We have been in Colorado for the last week and a half. For the first few days, we were exploring the mountains and creeks around Telluride and for the last 5 days we have been in Beaver Creek at a Suzuki Institute that Eider is attending. Tomorrow is our last full day. It has been amazing. On so many levels. I notice myself pausing from time to time just in total and absolute awe of this magical and charmed childhood that our children are having.
And, I am ready to go home. I am ready to dig in the dirt a bit more around our place and see how much our chicks have grown. I'm ready to have all of the parts of our family together, if even for a short time. And I am ready to feel into my own rhythm with a bit more attention right now.
You see, I have been feeling very quiet. Like I am a bit uncertain about how I proceed from this particular point in my life. In many ways, it has been brilliant for me to escape into the momentum and thrill of family adventure with my people. It has provided me with a little bit of pause from the question being begged. I am starting to understand that that question is begged of most mothers who have experienced pregnancy loss. I would love to get past the question. Or get through it perhaps? So, it has been great to get a break from it for a bit, but now I am ready to return to my own work with a little more attention.
Before we had left for our trip, I was taking refuge in 3 things. Plants, Bikram, and Dark Chocolate. I was planting tons of perrenials. Like, really, at least a plant a day. Which is interesting for 2 reasons. The first is that I have never had a very pronounced interest in planting non-edible foods. In other words, I am a vegetable gardener. To varying degrees every year, I plant seeds or starts that will grow into things that I can harvest, prepare and consume. Sure, I have planted some flowers, but typically of the annual variety. Which leads to the second reason: they are perrenial! Like as in, something that may not even take shape for several years to come. I have been busy putting down some more tangible, physical roots. Which, for anyone who knows me has not been the case since we moved from rural sw Wisconsin to a small town proximal to a big (for me!) city 3 years ago. And it is true. I do feel myself rooting there. I love my house. I love our neighborhood. I love the way the whole of my quasi-urban little yard and home seem to breathe with us through the seasons. (I remember noting quietly to myself on one especially verdant spring day that I feel as if the plants are talking to me. Maple, just as much to herself as my comment had been for me said: I always feel that way. A comment, which in I would argue, totally sums her up.)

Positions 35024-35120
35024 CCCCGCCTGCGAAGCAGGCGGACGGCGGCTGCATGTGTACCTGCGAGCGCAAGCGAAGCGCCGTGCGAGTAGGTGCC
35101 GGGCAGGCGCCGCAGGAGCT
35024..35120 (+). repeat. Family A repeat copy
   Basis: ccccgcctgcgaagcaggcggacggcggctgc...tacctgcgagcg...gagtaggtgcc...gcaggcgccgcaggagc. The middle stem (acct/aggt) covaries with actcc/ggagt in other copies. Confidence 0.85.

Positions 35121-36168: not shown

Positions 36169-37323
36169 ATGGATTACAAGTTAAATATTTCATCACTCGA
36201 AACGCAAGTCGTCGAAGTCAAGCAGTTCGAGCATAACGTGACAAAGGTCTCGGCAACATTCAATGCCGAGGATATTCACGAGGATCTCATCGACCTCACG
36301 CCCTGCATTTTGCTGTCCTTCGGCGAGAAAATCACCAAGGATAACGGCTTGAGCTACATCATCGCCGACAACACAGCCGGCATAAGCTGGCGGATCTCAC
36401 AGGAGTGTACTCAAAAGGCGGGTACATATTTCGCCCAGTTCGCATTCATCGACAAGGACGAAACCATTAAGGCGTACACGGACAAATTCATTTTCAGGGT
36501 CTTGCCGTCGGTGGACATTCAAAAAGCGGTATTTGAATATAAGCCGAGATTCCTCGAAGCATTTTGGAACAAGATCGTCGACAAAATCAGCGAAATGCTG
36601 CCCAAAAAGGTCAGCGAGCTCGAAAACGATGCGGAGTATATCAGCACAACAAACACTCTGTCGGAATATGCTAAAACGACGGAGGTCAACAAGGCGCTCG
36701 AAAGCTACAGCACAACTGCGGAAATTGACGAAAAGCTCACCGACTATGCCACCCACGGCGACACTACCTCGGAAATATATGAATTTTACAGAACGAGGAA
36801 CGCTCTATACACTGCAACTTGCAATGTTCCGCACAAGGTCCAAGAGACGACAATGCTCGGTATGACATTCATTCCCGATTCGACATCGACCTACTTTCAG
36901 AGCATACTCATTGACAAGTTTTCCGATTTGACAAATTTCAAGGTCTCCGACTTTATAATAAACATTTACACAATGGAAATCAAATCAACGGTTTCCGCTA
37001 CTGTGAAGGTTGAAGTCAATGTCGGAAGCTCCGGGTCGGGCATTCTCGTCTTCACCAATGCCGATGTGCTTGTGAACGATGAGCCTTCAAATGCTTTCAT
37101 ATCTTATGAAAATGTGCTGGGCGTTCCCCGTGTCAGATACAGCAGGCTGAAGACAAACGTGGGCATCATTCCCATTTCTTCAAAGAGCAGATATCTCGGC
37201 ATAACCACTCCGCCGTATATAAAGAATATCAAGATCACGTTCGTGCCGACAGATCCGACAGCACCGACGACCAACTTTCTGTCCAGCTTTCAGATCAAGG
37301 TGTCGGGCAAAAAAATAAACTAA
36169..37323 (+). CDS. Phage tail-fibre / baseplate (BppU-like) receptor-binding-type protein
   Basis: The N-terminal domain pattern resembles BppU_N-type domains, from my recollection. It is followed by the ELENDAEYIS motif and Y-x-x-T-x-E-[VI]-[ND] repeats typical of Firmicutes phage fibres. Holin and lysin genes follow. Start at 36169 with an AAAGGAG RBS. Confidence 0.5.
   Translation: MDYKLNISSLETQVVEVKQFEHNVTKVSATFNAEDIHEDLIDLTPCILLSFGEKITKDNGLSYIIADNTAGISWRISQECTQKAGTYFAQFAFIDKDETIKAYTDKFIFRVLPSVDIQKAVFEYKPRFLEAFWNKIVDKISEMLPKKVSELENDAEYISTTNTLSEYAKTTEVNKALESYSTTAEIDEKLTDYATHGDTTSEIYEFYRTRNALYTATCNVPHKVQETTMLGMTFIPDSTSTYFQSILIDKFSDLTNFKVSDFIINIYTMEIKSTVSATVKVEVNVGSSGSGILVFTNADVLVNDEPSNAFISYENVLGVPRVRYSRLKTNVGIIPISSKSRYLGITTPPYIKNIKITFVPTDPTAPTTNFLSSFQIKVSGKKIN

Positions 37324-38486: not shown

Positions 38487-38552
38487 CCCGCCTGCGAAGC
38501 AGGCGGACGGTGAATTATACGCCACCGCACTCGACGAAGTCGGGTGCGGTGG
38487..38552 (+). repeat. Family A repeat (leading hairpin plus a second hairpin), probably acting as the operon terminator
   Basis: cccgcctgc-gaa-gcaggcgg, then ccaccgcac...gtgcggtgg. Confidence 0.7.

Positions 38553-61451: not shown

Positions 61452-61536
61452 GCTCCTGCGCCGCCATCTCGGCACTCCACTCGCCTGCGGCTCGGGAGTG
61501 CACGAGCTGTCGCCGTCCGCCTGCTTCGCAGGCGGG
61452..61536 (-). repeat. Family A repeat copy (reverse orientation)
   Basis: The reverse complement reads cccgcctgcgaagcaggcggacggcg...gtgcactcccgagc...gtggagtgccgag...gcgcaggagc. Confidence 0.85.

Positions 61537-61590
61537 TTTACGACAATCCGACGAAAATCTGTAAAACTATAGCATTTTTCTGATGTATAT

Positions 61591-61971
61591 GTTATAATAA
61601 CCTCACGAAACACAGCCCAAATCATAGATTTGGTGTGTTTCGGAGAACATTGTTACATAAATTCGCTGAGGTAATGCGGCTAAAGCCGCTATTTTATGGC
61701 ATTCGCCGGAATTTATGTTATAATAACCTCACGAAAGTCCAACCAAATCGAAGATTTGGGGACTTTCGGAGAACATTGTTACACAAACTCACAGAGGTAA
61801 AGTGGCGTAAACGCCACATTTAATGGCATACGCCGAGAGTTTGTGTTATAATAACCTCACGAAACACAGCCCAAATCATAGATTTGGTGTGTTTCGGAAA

The Bikram practice has been an obvious- to me- place in which to retreat. Because lets just face it, it is so fucking hot in there that the only place to put your attention in on survival. Basic, raw, human, survival. That is such a draw to me in that practice. All I have the capacity to do in the Hot Room is simply the very next thing. No lists, no real judgements, small and relative expectations. Just me and the pose and the sweat and sometimes even the grief. And that is the incredible part. I am suffering in there too hard to even try to do anything with the grief. No answering questions, no making a plan, no rationalizations. Just the shitty, ragged, and ugly truth of the whole thing. 90 minutes later, I stand my soaking body up and walk out of the room and in that moment I am beautiful. Cleansed and Shining and Empty. My pity party lessened a bit and my mind quiet within the expanse of my own honest humanity. It doesn't hurt my practice either- but those are some thoughts for another day.
A few weeks ago I was in a class with a local teacher whom I adore. He might have even just in passing said the word forgiveness and I immediately plugged into something with my kids. There are all sorts of virtues that we learn from becoming parents. Some of them are so totally cliche. Like forgiveness. But not forgiveness of myself you see. I had not considered that particular teaching from my children before. Sure, I have learned by virtue of being their parent that I hold within me a vast and infinite well of forgiveness for them as they stumble through their own becoming. But I am only just now beginning to consider forgiving my own self in the ways that I forgive them, and that they -on an even a bigger and more profound level- always forgive me. Of my short comings. Of my mistakes. Of the ways that I botch my job with them. No questions asked. Just total and complete and absolute forgiveness. If I afforded myself even a fraction of what we give to each other like that, of what they so freely give to me, unconditionally, I might begin in both small and huge ways, to work myself through this next question of my own becoming.
And, then, dark chocolate. Because, well, of course.